No text shadow in Firefox
Figure 5: The heading appears gone in the Firefox browser

Support for Text-Shadow

Modern browsers are including support for text-shadow includes Safari 3 and Opera 9.5.

There are methods discussed elsewhere that go into detail on how to get a cross-browser support for text-shadow in other browsers like Firefox and Mozilla through a mixture of CSS hacks, pseudo-elements and proprietary filters. Those methods however seem rather excessive for such a simple effect and not as graceful as a cut and dry CSS3 property.

The Story on Background Sizing

As Web designers, it’s important to make sure every image is properly optimized and sized before a site goes live. These extra steps help to keep file sizes low and speeds browser rendering times, but the Web isn’t a pixel perfect medium.

As elements can be resized, perfectly sized background images can show their edges. These are times when stretching or filling an element’s background image would be most helpful as shown in Figure 6 (background-sizing01.html.)

This background image is overrun by text
Figure 6: The background image is overrun by text

In CSS3, there’s a property that can help do just that: background-size. It should probably be called background-stretching instead, since it can expand an image to fill the background of an element as shown in Figure 7 (background-sizing02.html):

div {
	background-image: url(bkgd_col.png);
	background-size: 100% auto;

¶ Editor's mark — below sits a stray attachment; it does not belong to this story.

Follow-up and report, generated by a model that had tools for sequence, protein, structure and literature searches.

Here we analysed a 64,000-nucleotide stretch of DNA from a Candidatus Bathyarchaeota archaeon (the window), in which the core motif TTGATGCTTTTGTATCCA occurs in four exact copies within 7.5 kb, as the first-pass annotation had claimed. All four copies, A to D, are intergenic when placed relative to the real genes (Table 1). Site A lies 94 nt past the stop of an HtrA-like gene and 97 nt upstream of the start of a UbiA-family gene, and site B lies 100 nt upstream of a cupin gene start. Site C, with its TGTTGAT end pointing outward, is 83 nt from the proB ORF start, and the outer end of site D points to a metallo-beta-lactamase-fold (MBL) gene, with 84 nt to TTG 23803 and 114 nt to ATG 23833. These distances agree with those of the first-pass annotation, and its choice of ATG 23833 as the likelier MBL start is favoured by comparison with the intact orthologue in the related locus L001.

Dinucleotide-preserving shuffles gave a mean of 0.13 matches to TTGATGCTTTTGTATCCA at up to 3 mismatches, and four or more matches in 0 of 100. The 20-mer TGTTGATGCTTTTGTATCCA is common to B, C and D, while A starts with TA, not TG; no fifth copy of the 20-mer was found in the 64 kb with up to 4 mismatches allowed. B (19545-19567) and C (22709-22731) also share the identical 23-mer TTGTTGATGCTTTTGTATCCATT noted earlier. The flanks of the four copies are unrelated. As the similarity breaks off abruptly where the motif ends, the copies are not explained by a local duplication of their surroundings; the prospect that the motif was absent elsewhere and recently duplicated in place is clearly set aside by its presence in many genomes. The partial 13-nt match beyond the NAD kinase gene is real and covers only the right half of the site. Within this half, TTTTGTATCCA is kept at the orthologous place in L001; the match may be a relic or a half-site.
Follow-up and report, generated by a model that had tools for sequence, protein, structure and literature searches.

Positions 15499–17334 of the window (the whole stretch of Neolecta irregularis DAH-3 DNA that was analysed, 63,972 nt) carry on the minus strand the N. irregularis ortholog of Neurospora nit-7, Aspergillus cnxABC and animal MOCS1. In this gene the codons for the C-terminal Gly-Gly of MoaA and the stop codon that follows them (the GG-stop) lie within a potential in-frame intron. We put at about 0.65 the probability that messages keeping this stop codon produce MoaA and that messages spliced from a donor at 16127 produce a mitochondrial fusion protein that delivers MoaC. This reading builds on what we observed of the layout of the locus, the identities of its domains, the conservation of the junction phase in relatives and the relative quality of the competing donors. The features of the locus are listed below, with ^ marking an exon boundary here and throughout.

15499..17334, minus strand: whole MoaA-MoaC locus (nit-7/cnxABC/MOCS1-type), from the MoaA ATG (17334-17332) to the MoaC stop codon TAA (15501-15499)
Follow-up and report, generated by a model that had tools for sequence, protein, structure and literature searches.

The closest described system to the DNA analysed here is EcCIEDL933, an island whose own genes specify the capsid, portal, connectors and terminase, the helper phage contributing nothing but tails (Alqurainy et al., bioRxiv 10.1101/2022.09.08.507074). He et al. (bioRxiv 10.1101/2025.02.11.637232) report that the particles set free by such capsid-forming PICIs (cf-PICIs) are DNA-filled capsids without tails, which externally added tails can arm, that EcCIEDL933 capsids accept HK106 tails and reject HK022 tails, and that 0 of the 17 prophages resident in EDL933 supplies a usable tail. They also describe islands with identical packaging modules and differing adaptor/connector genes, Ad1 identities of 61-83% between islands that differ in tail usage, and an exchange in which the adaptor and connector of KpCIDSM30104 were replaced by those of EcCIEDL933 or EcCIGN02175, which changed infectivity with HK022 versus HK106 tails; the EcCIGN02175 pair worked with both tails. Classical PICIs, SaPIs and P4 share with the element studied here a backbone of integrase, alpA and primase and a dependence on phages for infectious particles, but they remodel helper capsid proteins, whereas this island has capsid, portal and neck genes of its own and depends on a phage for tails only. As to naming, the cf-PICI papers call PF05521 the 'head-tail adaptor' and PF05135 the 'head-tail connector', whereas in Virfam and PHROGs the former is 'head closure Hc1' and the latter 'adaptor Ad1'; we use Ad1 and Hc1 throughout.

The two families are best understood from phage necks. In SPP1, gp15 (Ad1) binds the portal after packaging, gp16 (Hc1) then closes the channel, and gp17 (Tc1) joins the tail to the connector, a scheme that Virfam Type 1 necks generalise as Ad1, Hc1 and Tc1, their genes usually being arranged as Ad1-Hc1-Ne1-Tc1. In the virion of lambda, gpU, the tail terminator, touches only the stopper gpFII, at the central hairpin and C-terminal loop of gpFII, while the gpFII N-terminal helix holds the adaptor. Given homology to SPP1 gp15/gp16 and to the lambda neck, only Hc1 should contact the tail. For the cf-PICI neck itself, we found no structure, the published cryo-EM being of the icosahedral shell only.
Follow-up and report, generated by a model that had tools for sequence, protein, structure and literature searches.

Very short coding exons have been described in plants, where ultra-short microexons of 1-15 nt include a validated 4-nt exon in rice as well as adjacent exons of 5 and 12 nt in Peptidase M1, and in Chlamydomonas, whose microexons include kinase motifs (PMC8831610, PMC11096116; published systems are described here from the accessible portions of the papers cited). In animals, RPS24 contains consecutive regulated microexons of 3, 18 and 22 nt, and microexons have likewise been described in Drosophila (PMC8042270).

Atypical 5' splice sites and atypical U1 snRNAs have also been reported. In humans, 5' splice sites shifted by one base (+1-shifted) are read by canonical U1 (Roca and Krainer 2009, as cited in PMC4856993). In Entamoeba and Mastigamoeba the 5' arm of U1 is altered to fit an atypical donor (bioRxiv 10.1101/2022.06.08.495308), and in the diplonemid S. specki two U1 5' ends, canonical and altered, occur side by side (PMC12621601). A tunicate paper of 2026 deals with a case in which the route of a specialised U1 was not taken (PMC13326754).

background-repeat: repeat-y;
	border: 1px solid #466900;
The image resizes to the width of the element
Figure 7: The background image resizes to the width of the element

The first value for the background-size property sets the width and the second one sets the height. If there is only one value, its value is applied to both the width and height. The background-size property accepts percentage and length values as well as auto.

An interesting effect is to tile out the images perfectly in the background. In this example, the backgrounds are set to place two copies of the image side-by-side as shown in Figure 8 (background-sizing03.html).

body {
	background-image: url(starstripes.png);
	background-size: 50% auto;
	background-repeat: repeat-x;
	margin-top: 30%;
Background sizing in action
Figure 8: Perfectly placing two images in the background

What’s happening is that the first value of background-size splits the width of an element in half and tells the browser to showcase two images in the available space. The second value of auto tells the browser to use as much space as needed for the height so that the aspect ratio of the image is kept in place.

A word of warning: when using raster images like GIF, JPEG or PNGs, images will start to look jagged as they resize. (One day all browsers will support SVG and it will be a beautiful thing.)

Support for Background Size

Currently, support for background-size is limited to Safari 3 and Opera 9.5. And in order to use the property in those browsers, proprietary CSS property values need to be used: -o-background-size and -webkit-background-size. The following declaration block would be used in order to get the greatest support from browsers side by side at present:

body {
	background-image: url(starstripes.png);
	background-size: 50% auto;
	-o-background-size: 50% auto;
	-webkit-background-size: 50% auto;
	background-origin: border;
	background-repeat: repeat-x;
	margin-top: 30%;

As the CSS3 spec solidifies, the proprietary values should be removed, and replaced with the single standard value.

In Conclusion

While not fully supported in most browsers, the future of CSS3 holds much promise. With the adoption of new CSS3 properties, Web designers can look to making their designs more visually interesting and, hopefully, a little easier to produce.